Local Advocates Confront Immigration Policy Crisis

Local Advocates Confront Immigration Policy Crisis

Tuesday Evening February 12, 2019

Courtroom at McGeorge School of Law, 3200 Fifth Avenue, Sacramento

Registration and Refreshments at 5:30 PM, Program at 6:00 PM

Admission is set low to encourage attendance: $15; students $5

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Immigrant children and adults caged by the Border Patrol at McAllen, Texas (U.S. Customs and Border Protection photo)
Bunks for child prisoners at Tornillo, Texas. Toilets are port-a-potties outside tents. (U.S. Dept. of Health and Human Services photo)

Holly Cooper, Co-Director of the UC Davis School of Law Immigration Law Clinic, has extensive litigation experience defending the rights of immigrants and is a nationally recognized expert on immigration detention issues.  She has been active in the enforcement of the Flores Settlement Agreement, which sets child-welfare standards and requires the release of immigrant children from immigration detention without unnecessary delay.

Satsuki Ina was born in the Tule Lake Segregation Center, a maximum security concentration camp for Japanese Americans during WWII. She has a private psychotherapy practice in the San Francisco Bay Area specializing in the treatment of community trauma. A community activist, writer, and filmmaker, she has produced two award-winning documentary films about the WWII Japanese American incarceration: Children of the Camps and From A Silk Cocoon: A Japanese American Renunciant’s Story.

Karen Pedraza is a second-year law student at UC Davis School of Law. She currently volunteers in the Immigration Law Clinic working alongside Holly Cooper in enforcing the Flores Settlement Agreement. She recently traveled to Tornillo, Texas where about 1,500 children were detained in a "tent city" 30 miles from El Paso. She and her colleagues investigated fingerprint delays, met with children, inspected the detention center, and researched whether the conditions violated the Flores Settlement agreement.


Moderator: Professor Blake Nordahl is the supervisor of the McGeorge School of Law Immigration Law Clinic and a California Certified Law Specialist in Immigration and Nationality Law. He serves on the California State Bar's Advisory Law Commission for Immigration and Nationality Law, and is the liaison between the Sacramento U.S. Citizenship and Immigration Services field office and the Board of the American Immigration Lawyers Association.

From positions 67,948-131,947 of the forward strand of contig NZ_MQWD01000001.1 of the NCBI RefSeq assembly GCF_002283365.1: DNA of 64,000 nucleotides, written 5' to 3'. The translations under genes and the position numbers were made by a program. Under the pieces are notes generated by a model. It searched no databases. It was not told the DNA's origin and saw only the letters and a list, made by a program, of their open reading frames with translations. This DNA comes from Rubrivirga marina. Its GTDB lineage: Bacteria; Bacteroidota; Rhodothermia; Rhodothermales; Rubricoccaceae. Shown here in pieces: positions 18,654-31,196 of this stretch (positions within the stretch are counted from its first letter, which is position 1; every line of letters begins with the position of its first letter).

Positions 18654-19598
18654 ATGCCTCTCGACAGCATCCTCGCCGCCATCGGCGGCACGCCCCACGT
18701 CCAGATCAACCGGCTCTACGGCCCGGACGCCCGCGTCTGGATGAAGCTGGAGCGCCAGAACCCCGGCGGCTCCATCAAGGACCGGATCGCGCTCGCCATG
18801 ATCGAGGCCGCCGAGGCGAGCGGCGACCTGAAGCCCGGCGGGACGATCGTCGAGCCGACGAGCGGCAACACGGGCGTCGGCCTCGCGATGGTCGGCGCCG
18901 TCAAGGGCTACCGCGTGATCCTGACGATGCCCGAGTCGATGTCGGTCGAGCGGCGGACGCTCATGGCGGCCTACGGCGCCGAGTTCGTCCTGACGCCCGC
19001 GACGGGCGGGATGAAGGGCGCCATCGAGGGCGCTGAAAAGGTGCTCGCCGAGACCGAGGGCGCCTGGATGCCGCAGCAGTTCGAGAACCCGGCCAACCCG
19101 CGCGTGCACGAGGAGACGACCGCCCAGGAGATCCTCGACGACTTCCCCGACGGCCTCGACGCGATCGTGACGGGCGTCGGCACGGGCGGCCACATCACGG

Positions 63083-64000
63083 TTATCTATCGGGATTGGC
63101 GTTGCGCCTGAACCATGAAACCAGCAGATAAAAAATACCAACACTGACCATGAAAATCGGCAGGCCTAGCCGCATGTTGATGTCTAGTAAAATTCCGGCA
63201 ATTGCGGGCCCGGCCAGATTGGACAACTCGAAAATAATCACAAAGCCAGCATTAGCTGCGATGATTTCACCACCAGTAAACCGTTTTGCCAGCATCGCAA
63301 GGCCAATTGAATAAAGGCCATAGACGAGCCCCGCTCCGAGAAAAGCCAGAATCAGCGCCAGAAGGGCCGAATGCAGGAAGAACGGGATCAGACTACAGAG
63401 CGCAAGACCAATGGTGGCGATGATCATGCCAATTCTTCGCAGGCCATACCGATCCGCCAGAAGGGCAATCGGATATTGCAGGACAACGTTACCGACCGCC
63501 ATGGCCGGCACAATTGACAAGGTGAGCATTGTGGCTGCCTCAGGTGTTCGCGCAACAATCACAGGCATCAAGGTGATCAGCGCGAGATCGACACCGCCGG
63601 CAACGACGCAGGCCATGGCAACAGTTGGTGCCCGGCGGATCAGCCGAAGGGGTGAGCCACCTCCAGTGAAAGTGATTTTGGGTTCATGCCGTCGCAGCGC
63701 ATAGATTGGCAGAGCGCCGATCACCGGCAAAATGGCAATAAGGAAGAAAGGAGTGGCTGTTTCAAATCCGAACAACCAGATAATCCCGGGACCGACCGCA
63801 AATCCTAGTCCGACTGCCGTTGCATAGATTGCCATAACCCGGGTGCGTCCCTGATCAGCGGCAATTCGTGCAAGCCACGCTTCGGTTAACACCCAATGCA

Series Producers

Clement J. Kong, Korshak, Kracoff, Kong & Sugano, L.L.P.
Kathryn E. Doi

Series Directors

Jeri Paik, Law Offices of Jerilyn Paik
Yoshinori H. T. Himel

Special Refreshments Sponsor
Kathryn E. Doi

Special Thanks for Hosting the Venue
McGeorge School of Law

Event Supporter
Michael A. Terhorst, President, La Raza Lawyers Foundation

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About "ABAS Law Foundation Presents..."

The year 2019 brings the third season of the ABAS Law Foundation’s Speaker Series. The 2019 Season began with the February 12 program, “Local Advocates Confront the Immigration Policy Crisis.” Then comes the March 31 performance of playwright Qui Nguyen’s Vietgone, a story of love between Vietnamese immigrants taking to the road in a quest for refuge from destroyed lives in their war-torn native country. May 18 brings a joint film program with the Sacramento Asian Pacific Film Festival. Concluding the 2019 season, on August 10 and 11, the Foundation presents a concert reading of playwright Jeanne Sakata’s acclaimed one-man play, Hold These Truths, an “epic love story between one man and the U.S. Constitution.” The Hold These Truths reenactment of Gordon Hirabayashi’s challenges to governmental injustices in WWII received three Theatre Bay Area Awards.

The first two seasons featured a dialogue on civic responsibilities with Chief Justice Tani Cantil-Sakauye, community empowerment and education with Dale Minami, the Sacramento premiere of the documentary Resistance at Tule Lake, Bystander Intervention Training with the Council on American Islamic Relations, a panel on Bail Reform in California, and a screening of Sold with a panel discussion on human trafficking. The Foundation screened the Sacramento premiere of And Then They Came for Us, attended by 800, with a distinguished discussion panel and a social action networking session.

The Speaker Series is part of the Foundation’s two decades of law-related educational and charitable works in greater Sacramento's Asian/Pacific community. Each year, the Foundation awards scholarships to encourage community-conscious activist law students. The Foundation has produced numerous law-related workshops and programs; has supported activities such as the Hmong Mediation Project and the CAIR immigration legal clinic; and has administered a $47,400 research grant on World War II's notorious Tule Lake concentration camp.